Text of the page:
Jan 8, 2011

Silence is Golden? Week 1

I take pride in knowing a lot about movies, and I mean a lot, at this stage I could justifiably say that I've forgotten more about cinema than most people are ever likely to know. I've seen films from more than 30 countries in more than 20 languages, I've seen films made as early as 1895 and as late as 2010. That said, though I've seen a few, I don't know all that much about silent cinema, nor is my experience of it especially wide. So, during 2011 I'm going to try and address that. Each week I'll be watching two silent films, and creating a sort of journal of my impressions. These won't be traditional reviews as much as they will be refelections on the movies. I hope I'll be taking in films from all over the world, from many different genres, acknowledged classics and near forgotten films alike. I may also include things like reviews of books I read about silent cinema, or documentaries I see on the subject. I think it's going to be an exciting journey. I hope you'll enjoy it as much as I suspect I will.


I started my trip through silent cinema with films set in unfamilliar locations. NANOOK OF THE NORTH is generally thought to be the first film to be what we would consider a documentary, though it predates John Grierson's coining of that term by a decade or so. Though it is presented as purely factual there are clearly things in the film that are staged by director Robert Flaherty. One early sequence shows the entire eskimo family that the film is about climbing one by one out of a tiny canoe, suggesting that this is some sort of Alaskan TARDIS. It's easy to see that Flaherty staged this scene, using a locked off camera to hide the cuts. Apparently much of the rest of the film is, if not fictional, then certainly heavily staged. It seems that by 1920 the Eskimo technology had moved on from the harpoons we see here to the use of guns for their hunting, but that Flaherty wanted to show 'traditional' hunting methods.

Whatever the reservations about the honesty of the film though, you can't deny that it is engaging, and technically remarkable for its time. Just getting the camera to these inhospitable locations in 1920 must have been a real feat, and through it Flaherty catures some genuinely striking and fascinating images. The hunting may be a recreation of something that happened in the 19th rather than the 20th century, but the footage is still hugely interesting, and it is probably authentic at least in that Nanook is old enough to remember the techniques first hand. The real point of interest though is Nanook and his family. The films does take a patronising view of them, but even though you can't hear them they are engaging characters. The sequence in which Nanook and his family build an igloo is especially enjoyable, not just seeing the technique, but the way the whole family chips in to some degree.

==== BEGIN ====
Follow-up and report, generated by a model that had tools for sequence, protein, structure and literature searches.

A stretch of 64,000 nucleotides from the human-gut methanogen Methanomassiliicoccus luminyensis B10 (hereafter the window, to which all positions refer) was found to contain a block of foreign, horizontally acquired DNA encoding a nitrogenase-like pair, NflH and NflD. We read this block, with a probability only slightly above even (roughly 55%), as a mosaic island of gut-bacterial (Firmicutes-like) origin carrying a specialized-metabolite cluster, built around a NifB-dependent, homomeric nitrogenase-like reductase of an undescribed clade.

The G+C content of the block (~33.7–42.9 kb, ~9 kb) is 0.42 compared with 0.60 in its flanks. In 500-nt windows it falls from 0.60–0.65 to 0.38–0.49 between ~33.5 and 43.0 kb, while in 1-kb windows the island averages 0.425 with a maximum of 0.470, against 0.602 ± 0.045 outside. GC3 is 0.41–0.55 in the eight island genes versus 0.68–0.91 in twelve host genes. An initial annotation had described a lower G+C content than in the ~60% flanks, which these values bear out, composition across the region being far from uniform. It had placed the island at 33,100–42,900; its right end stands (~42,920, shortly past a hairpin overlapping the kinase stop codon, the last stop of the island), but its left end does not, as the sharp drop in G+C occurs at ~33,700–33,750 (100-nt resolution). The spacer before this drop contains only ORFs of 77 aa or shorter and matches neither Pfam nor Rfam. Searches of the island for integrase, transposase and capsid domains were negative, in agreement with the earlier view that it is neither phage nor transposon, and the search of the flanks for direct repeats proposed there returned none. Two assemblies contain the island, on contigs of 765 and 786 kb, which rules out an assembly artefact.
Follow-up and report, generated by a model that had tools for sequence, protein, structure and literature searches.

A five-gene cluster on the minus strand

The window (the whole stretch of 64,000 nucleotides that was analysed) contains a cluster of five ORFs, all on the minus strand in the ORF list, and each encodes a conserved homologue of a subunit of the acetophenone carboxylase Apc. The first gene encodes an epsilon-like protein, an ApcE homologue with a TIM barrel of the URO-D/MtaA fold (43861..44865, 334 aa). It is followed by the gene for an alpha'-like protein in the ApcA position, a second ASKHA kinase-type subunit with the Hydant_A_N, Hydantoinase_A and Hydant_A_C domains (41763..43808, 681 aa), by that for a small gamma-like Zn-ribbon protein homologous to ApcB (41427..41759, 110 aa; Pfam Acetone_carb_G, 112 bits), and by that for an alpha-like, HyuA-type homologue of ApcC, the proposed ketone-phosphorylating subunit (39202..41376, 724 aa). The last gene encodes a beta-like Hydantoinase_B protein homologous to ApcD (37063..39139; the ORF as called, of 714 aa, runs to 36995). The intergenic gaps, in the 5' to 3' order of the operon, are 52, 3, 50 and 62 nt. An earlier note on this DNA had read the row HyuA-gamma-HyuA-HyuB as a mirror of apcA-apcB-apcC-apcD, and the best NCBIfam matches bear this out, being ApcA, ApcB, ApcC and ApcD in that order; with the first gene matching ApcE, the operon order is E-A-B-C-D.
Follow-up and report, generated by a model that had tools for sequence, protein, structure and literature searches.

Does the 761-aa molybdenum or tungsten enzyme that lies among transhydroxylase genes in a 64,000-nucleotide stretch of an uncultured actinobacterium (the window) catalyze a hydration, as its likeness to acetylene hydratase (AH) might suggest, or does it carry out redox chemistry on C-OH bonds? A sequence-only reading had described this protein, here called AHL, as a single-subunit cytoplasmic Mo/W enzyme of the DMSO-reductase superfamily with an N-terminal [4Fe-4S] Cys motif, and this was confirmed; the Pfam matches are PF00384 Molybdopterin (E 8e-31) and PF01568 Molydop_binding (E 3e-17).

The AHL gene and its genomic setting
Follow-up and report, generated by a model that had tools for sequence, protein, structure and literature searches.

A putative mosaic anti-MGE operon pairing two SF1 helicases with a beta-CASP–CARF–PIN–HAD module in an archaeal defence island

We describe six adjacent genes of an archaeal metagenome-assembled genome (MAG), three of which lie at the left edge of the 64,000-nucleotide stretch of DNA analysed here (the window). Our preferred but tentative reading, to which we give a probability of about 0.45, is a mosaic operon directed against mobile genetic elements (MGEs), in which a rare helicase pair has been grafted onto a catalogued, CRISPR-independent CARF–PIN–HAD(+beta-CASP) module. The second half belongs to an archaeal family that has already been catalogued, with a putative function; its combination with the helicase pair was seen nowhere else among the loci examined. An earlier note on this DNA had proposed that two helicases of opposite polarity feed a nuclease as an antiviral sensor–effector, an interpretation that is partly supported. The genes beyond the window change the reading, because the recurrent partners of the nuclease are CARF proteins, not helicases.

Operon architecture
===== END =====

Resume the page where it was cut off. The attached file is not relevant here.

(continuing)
Another thing that is really interesting about NANOOK OF THE NORTH is looking at it through the prism of where documentary is in 2011. For a few years now there have been high profile films whose authenticity as documentaries has been challenged CATFISH and AMERICAN TEEN among them. If this film teaches us anything about documentaries it is that the line between fact and fiction has always been a blurry and easily crossed one. 90 years on, this is still a fascinating film, and well worth looking out.

When French magician Georges Melies made this 12 minute film (generally regarded as the first science fiction film) cinema hardly existed. The first feature length film was some way off yet as were purpose built cinemas, moving pictures were still seen as a parlour trick, and what a trick Melies pulled here. LE VOYAGE DANS LA LUNE (A Trip to the Moon) may be primitive, with its proscenium stage and static camera, but it has some startling features. The most famous shot is visible for only a second, but the image of the man in the moon with the rocket ship stuck in his eye remains an inventive and funny one. There is also primitive usage of editing (again, something that wouldn't be fully developed for some years) in order to make characters disappear in a puff of smoke.

It's creaky, sure, and for all their attractiveness the sets are clearly quite cheap and thrown together, but Melies is inventing with every shot here. Seen today this is still a fun and funny film, but imagine seeing it 109 years ago, what the moment the moon man explodes in a puff of smoke must have been like for those first audiences. This is also an important film for its influence, just try and find someone working in animation or special effects who doesn't know this film and its maker.

I think we're off to a good start. Next week I'll be looking at FW Murnau's late period silent CITY GIRL and one other film that I haven't yet decided on.

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